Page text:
The Difference Between Espresso and Coffee
You might be surprised to learn that the many variations of drinks that can be made from coffee beans really come down to the brewing techniques used. This is because the coffee bean is one of the more flexible brewing mediums we know of. In this article, we take a look at the difference between espresso and the coffee most Americans drink, beverages made from the same bean.
When discussing the difference between espresso and coffee, it can be easy to make a one sided argument. I will undoubtedly do it in this article. This is unfortunate because both espresso and coffee have their places in world culture. Some mornings I want to experience the quality taste of an espresso. Other mornings, I just want a large cup of something warm to hold and drink as I get ready for the day ahead. When considering the difference between these two forms of coffee, keep in mind there is no “right” selection. It is more a matter of personal taste and preference.
We use the generic term “coffee” for the morning drink that millions of us Americans drink. You might be surprised to know that the rest of the world views the 8 ounce cup we consume as unique to us and give it the name American Coffee. Moreover, this is also used as a bit of an insult. Why? It is considered a very bland form of coffee, one that requires sugar and flavored creamers to make it enticing enough to drink!
This blandness helps explain how your normal morning coffee is different from espresso. The coffee is made by taking coffee beans, grinding them into a loose collection of grounds and passing boiling hot water over them. We’ve all seen how this happens when using and later cleaning our home coffee maker.
The problem with this approach is you really don’t get an accurate impression of the flavors in the coffee beans. Imagine taking your favorite wine, emptying out half the bottle and filling it back up with water. This is essentially what American coffee is. It is also the reason you tend to see everyone dumping sugar, chocolate, cinnamon and whatever else into it to get a decent flavor of something…anything!
As watered down as American coffee is, espresso goes for the opposite effect. The name of the game with espresso is intensity. The goal when making a good espresso is to produce a small cup that minimizes the water influence while capturing and intensifying the flavors of the coffee beans being used. Much like drinking wine, you should experience hinted at flavors as the espresso passes over your. This is then followed by a slight bitterness of the bean which slowly fades away.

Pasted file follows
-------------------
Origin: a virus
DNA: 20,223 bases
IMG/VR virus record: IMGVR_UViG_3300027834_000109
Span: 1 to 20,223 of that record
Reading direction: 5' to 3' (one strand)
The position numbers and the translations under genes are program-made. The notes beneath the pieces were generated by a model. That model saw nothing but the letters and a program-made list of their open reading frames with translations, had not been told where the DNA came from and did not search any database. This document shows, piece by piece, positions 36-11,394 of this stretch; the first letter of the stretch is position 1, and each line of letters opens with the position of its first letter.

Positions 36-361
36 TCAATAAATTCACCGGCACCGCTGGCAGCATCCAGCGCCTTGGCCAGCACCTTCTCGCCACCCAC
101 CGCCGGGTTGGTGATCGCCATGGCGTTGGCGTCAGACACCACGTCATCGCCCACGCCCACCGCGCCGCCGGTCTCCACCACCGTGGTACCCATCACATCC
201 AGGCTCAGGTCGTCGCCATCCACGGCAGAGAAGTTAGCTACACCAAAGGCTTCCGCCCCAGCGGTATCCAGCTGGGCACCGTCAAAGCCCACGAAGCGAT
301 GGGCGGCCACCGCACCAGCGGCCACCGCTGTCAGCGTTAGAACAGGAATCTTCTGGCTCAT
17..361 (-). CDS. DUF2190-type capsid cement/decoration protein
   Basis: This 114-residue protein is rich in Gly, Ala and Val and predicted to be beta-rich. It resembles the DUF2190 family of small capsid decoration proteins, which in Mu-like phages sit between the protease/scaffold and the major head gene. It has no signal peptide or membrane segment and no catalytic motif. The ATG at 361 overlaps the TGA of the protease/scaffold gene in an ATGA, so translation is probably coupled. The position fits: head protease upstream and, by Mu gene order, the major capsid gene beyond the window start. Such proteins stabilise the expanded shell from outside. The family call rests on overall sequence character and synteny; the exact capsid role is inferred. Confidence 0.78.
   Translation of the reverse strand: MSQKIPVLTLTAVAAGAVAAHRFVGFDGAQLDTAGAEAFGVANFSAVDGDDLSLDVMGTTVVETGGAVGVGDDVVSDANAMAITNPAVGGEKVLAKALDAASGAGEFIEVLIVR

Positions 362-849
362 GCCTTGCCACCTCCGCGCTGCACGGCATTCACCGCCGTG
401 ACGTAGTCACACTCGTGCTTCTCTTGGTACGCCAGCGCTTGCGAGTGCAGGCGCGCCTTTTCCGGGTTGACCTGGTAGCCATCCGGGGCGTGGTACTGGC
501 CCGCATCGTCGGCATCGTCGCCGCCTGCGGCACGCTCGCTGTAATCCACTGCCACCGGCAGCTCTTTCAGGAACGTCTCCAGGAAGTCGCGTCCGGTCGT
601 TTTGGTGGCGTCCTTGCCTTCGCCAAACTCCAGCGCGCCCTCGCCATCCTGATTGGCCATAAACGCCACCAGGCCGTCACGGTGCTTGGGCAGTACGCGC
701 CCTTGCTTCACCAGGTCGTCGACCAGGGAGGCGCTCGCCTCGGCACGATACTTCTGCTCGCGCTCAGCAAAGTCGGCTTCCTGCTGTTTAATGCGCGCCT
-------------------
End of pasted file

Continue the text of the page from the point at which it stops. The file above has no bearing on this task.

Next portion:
To get this effect, espresso is made in a very particularly manner. The first step is to use a quality coffee bean. Because the taste is going to be so intense, an espresso made from a bad bean will taste terrible. Don’t buy a cheap brand! Go with high end brands like Illy or Lavazza. A poor bean is going to produce a horrible espresso. Don’t subject yourself to that!
The next step is to capture the full flavor of the bean. This is done by using an espresso machine. The bean is ground to a very fine size and then packed into a small compressed area in the espresso machine. Steamed water is then shot through the coffee under high pressure. The goal is to saturate the grounds and draw out all the obvious and subtle flavors. The time and pressure used in doing this is dependent upon the person brewing. Given this, brewing a cup of espresso is as much an art as a mechanical process.
You undoubtedly are familiar with how much American coffee you can drink without the caffeine bothering you. The same is probably not true of espresso. It is vital that you realize that although espressos are small in size, they essentially carry the same amount of caffeine as a normal cup of coffee. Tossing back three espressos will have you vibrating around the coffee shop. Be careful!
So, what can we say about the difference between American coffee and espresso? Well, I would simply say they come from the same bean, but represent opposite ends of the spectrum when it comes to the brewing process. Personally, I prefer espresso because the flavors that come out are amazing. If you enjoy the subtle flavors in a glass of good wine, you will probably prefer espresso as well. If you have never tried espresso, I would encourage you to do so a few times. The explosion of taste in your mouth will amaze you!